Fenugreek: Interactions. Contraindications. Pregnancy Use. Practice Points. FAQ

Toxicity Safety studies indicate that fenugreek is extremely safe. When consumed as 20% of the diet, it did not produce toxic effects in animal tests. Adverse Reactions One clinical study found that a dose of 50 g taken twice daily produced mild gastrointestinal symptoms, such as diarrhea and flatulence, which subsided after 3-4 days. Allergic reactions have been reported, but are rare. Significant Interactions Where controlled studies are not available, interactions are speculative and based on evidence of pharmacological activity and case reports. HYPOGLYCAEMIC AGENTS Additive effects are theoretically possible in diabetes — monitor concomitant use and monitor serum glucose levels closely — potentially beneficial interaction. IRON Frequent use of fenugreek can inhibit iron absorption — separate doses by 2 hours. WARFARIN Although there is a theoretical concern that concomitant use could increase bleeding risk due to the herb’s coumarin content, this is unlikely. A placebo-controlled study found that fenugreek does not affect platelet aggregation, fibrinolytic activity or fibrinogen. Contraindications and Precautions Fenugreek is contraindicated in people with allergy to the herb, which has been Read more […]

Fenugreek: Uses. Dosage

Clinical Use DYSPEPSIA AND LOSS OF APPETITE Although controlled studies are unavailable, the increased activity of pancreatic and intestinal lipase seen in animal studies provides a theoretical basis for its use in dyspepsia. Commission E approved the internal use of fenugreek seed for loss of appetite. ELEVATED LIPID LEVELS Several clinical studies conducted in people with and without diabetes have identified significant lipid-lowering activity with different fenugreek preparations, such as defatted fenugreek, germinated seed and hydro-alcoholic extracts. As can be expected, the dose used and type of preparation tested has an influence over results. An open study using a daily dose of 18.0 g germinated fenugreek seed in healthy volunteers demonstrated significant reductions in total cholesterol and LDL-choles-terol levels. A placebo-controlled study found no effect after 3 months with a lower dose of 5 g seed daily, suggesting that higher intakes may be required for lipid-lowering activity to become significant. DIABETES Fenugreek is a popular natural treatment used to aid blood sugar regulation in diabetes. Overall, results from clinical studies have produced positive results however trials have used diverse Read more […]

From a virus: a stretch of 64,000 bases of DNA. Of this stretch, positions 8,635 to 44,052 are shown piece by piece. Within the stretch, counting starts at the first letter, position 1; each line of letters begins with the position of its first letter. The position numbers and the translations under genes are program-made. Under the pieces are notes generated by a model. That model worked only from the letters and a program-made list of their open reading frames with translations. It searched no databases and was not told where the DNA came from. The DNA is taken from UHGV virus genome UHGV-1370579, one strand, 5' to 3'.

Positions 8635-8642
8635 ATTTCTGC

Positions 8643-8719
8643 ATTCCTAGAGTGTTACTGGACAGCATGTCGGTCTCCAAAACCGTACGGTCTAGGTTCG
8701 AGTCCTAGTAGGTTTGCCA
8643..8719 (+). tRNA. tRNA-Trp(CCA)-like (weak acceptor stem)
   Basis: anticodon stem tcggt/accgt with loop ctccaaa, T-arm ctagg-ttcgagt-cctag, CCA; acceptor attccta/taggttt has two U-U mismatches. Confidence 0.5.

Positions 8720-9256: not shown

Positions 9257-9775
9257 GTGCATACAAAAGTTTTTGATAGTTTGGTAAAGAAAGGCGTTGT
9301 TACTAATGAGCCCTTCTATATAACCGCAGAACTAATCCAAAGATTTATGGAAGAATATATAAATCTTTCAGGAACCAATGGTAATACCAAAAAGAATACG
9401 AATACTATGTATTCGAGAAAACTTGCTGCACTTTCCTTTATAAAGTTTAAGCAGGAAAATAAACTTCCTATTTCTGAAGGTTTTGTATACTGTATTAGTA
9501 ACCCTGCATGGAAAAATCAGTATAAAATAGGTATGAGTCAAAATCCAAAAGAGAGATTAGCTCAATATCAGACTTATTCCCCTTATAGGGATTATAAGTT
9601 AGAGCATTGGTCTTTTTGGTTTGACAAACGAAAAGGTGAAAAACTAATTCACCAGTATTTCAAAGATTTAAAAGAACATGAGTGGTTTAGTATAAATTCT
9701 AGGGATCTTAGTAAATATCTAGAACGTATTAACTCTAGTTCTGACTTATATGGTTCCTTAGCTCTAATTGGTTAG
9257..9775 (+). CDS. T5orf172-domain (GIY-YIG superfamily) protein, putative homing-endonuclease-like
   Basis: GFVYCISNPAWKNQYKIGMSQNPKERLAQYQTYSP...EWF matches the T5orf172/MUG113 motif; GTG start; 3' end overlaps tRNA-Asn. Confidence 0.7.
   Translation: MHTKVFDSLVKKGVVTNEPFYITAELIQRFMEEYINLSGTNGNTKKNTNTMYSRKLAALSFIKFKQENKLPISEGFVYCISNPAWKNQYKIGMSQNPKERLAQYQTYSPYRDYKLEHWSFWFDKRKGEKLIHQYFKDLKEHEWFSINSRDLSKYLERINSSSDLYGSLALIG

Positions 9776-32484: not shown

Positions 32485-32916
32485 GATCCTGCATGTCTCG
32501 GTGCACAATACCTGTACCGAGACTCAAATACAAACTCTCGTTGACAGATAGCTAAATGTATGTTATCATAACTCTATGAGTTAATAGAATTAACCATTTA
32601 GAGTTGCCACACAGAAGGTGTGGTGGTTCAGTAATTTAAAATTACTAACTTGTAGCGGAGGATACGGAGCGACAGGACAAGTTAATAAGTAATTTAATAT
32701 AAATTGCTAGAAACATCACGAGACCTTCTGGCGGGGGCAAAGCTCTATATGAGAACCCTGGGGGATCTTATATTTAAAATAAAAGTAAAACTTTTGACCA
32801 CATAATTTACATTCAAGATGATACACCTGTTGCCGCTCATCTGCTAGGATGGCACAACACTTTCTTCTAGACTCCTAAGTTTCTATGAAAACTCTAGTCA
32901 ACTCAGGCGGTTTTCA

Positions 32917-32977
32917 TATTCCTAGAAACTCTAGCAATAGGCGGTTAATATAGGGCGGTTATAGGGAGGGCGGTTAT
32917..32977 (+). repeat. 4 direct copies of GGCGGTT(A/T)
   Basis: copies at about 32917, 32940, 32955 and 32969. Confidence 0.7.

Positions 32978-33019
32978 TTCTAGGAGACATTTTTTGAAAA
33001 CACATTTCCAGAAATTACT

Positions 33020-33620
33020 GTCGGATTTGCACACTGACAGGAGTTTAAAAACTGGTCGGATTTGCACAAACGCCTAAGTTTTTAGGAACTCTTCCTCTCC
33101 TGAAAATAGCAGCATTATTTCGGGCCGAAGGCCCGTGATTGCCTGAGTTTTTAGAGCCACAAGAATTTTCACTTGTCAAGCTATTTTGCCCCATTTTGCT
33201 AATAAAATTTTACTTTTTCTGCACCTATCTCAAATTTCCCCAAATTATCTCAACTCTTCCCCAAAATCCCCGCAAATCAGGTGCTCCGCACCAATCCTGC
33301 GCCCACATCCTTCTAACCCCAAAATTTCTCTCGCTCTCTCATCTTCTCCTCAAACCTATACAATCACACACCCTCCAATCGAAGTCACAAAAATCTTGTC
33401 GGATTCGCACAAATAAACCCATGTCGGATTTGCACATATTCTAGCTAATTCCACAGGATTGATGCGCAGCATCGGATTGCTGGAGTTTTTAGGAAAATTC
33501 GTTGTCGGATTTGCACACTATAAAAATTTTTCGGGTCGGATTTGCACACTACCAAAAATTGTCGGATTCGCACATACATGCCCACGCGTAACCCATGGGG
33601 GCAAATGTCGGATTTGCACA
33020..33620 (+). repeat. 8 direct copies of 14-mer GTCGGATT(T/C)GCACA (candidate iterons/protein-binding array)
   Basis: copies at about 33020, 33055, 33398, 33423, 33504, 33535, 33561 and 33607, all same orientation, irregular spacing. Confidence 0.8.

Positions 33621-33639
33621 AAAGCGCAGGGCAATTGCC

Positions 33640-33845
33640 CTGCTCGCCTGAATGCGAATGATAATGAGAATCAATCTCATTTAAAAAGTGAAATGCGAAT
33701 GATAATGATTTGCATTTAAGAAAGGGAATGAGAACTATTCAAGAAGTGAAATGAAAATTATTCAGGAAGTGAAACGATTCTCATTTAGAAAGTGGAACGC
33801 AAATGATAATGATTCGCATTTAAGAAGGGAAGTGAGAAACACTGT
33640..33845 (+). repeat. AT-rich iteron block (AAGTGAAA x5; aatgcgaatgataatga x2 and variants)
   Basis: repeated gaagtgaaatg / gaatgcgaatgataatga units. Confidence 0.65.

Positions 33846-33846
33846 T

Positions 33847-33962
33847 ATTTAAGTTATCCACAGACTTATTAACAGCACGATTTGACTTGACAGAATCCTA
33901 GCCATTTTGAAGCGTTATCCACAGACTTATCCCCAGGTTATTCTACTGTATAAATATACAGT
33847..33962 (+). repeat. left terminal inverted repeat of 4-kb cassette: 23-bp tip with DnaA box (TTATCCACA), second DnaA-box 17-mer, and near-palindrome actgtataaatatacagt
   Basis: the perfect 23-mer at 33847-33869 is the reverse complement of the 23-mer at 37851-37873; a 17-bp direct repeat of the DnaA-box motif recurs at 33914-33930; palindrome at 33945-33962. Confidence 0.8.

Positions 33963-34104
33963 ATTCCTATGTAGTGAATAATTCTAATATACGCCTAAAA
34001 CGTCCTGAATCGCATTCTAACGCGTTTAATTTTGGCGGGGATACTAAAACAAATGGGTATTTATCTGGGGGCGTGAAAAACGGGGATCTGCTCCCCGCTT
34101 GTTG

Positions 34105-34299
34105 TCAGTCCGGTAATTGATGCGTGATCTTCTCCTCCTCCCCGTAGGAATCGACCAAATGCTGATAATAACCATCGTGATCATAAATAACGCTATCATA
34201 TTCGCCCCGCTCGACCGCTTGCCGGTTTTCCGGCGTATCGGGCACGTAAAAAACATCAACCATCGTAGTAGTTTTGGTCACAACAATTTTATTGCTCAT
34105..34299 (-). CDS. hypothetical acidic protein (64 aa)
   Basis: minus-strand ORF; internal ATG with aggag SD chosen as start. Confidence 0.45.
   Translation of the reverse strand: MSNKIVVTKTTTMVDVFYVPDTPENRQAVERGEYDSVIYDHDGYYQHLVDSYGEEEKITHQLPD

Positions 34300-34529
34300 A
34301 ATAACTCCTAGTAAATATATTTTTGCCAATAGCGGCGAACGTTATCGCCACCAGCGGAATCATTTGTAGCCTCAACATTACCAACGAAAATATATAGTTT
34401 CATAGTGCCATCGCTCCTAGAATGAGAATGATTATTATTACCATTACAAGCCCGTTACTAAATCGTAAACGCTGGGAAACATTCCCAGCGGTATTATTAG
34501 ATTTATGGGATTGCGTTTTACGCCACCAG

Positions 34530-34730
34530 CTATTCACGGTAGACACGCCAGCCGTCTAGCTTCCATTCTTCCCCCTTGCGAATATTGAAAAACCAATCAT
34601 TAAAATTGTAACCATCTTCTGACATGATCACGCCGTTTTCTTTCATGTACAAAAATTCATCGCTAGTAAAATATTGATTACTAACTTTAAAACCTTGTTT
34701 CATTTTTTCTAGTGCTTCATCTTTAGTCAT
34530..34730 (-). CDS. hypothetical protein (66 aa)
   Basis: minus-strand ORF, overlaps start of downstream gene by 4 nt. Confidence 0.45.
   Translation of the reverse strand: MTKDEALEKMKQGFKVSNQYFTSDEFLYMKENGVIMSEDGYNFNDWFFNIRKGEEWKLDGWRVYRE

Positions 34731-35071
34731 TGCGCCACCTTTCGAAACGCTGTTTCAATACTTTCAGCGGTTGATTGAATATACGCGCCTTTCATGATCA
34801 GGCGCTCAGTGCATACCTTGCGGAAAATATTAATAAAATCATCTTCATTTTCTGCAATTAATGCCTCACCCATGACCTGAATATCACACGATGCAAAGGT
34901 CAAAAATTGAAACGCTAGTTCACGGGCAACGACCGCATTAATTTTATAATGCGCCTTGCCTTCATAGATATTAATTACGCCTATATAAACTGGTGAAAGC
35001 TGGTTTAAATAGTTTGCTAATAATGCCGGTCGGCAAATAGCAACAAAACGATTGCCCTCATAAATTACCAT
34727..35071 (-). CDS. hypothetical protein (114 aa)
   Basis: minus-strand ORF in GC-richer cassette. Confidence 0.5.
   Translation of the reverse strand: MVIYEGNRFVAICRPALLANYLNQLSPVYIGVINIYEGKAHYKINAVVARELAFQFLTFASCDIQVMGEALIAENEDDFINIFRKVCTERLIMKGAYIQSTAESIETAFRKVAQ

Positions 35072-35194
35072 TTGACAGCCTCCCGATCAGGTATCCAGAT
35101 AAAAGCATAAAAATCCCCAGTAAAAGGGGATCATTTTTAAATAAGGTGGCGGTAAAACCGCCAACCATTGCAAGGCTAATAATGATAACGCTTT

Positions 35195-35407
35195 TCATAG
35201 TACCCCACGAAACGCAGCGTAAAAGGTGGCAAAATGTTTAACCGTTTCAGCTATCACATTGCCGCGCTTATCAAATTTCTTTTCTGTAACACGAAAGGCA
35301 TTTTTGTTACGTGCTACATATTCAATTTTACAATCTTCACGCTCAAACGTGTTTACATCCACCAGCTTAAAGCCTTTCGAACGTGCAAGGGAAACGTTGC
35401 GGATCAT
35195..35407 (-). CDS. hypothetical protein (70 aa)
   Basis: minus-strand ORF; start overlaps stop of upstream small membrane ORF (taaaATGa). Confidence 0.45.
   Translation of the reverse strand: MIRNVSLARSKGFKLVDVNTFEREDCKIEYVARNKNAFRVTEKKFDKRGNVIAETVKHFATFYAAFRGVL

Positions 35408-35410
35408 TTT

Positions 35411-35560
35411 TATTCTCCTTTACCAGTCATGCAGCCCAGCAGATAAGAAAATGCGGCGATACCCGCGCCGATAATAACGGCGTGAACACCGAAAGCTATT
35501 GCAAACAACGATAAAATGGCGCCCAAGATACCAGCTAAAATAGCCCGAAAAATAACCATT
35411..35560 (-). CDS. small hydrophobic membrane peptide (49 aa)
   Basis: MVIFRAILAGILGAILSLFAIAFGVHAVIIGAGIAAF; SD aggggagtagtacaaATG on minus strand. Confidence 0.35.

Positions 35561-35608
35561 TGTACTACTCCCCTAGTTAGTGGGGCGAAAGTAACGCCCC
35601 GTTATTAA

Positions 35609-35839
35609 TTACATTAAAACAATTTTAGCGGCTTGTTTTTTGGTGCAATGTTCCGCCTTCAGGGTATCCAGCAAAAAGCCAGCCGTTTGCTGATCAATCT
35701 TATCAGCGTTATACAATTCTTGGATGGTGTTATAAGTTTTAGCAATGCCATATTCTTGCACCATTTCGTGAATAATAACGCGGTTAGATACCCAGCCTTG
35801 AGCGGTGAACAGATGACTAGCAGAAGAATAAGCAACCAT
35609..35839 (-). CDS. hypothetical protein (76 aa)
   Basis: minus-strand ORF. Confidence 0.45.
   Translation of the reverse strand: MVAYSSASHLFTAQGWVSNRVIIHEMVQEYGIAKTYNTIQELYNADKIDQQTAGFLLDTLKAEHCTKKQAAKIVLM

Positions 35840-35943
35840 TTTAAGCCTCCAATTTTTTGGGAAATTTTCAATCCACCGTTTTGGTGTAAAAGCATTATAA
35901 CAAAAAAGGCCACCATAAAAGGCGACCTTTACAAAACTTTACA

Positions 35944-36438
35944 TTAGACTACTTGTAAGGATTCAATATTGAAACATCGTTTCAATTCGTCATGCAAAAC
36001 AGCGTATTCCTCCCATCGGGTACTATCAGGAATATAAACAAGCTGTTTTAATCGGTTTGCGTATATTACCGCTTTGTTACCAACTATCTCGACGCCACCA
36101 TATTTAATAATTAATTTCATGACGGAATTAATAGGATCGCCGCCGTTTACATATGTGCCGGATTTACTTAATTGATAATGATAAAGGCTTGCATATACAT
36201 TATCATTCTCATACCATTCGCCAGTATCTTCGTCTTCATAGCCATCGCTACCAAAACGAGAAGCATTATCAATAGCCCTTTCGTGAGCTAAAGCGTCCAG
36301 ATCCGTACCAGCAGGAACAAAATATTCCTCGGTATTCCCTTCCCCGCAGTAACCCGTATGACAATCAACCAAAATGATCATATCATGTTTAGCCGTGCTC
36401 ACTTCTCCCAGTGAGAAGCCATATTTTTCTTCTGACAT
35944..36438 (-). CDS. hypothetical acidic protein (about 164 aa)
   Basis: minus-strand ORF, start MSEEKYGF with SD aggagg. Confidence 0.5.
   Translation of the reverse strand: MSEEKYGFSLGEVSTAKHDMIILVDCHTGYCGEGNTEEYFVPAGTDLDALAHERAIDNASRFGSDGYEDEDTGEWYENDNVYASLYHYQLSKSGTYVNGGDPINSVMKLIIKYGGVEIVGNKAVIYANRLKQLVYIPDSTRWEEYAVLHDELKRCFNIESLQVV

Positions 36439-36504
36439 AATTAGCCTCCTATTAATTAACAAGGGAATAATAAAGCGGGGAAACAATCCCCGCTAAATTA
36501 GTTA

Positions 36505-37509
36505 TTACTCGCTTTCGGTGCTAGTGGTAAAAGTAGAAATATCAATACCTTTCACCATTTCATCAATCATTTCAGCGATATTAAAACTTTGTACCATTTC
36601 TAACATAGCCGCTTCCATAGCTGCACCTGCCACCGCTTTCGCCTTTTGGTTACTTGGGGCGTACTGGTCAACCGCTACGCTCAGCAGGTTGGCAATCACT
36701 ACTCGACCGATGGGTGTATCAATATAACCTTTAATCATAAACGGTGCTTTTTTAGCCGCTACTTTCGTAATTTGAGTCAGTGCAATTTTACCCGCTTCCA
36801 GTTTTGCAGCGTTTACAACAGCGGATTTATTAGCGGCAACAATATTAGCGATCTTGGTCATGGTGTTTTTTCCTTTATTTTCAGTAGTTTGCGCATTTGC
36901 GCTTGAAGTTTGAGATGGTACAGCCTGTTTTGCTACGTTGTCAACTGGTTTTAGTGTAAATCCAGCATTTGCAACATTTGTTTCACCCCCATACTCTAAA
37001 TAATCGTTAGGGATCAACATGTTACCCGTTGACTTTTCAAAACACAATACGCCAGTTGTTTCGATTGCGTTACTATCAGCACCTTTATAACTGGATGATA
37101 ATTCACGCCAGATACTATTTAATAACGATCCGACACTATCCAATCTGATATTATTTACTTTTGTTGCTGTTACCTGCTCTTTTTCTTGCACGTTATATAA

Fenugreek: Background. Actions

Historical Note Fenugreek’s seeds and leaves are used not only as food but also as an ingredient in traditional medicine. It is indigenous to Western Asia and Southern Europe, but is now mainly cultivated in India, Pakistan, France, Argentina and North African countries. In ancient times it was used as an aphrodisiac by the Egyptians and, together with honey, for the treatment of rickets, diabetes, dyspepsia, rheumatism, anaemia and constipation. It has also been described in early Greek and Latin pharmacopoeias for hyperglycaemia and was used by Yemenite Jews for type 2 diabetes. In India and China it is still widely used as a therapeutic agent. In the United States, it has been used since the 19th century for postmenopausal vaginal dryness and dysmenorrhea. Common Name Fenugreek Other Names Trigonella seeds, bird’s foot, Greek hay, hu lu ba, methi, trigonella Botanical Name / Family Trigonella foenum graecum (family Leguminosae) Plant Parts Used Dried mature seed, although leaves are used less commonly. Chemical Components The main chemical constituents are fibre, tannicacid, fixed and volatile oils and a bitter extractive, steroidal saponins, flavonoids, polysaccharides, alkaloids, trigonelline, trigocoumarin, Read more […]

Garlic: Contraindications. Practice Points. FAQ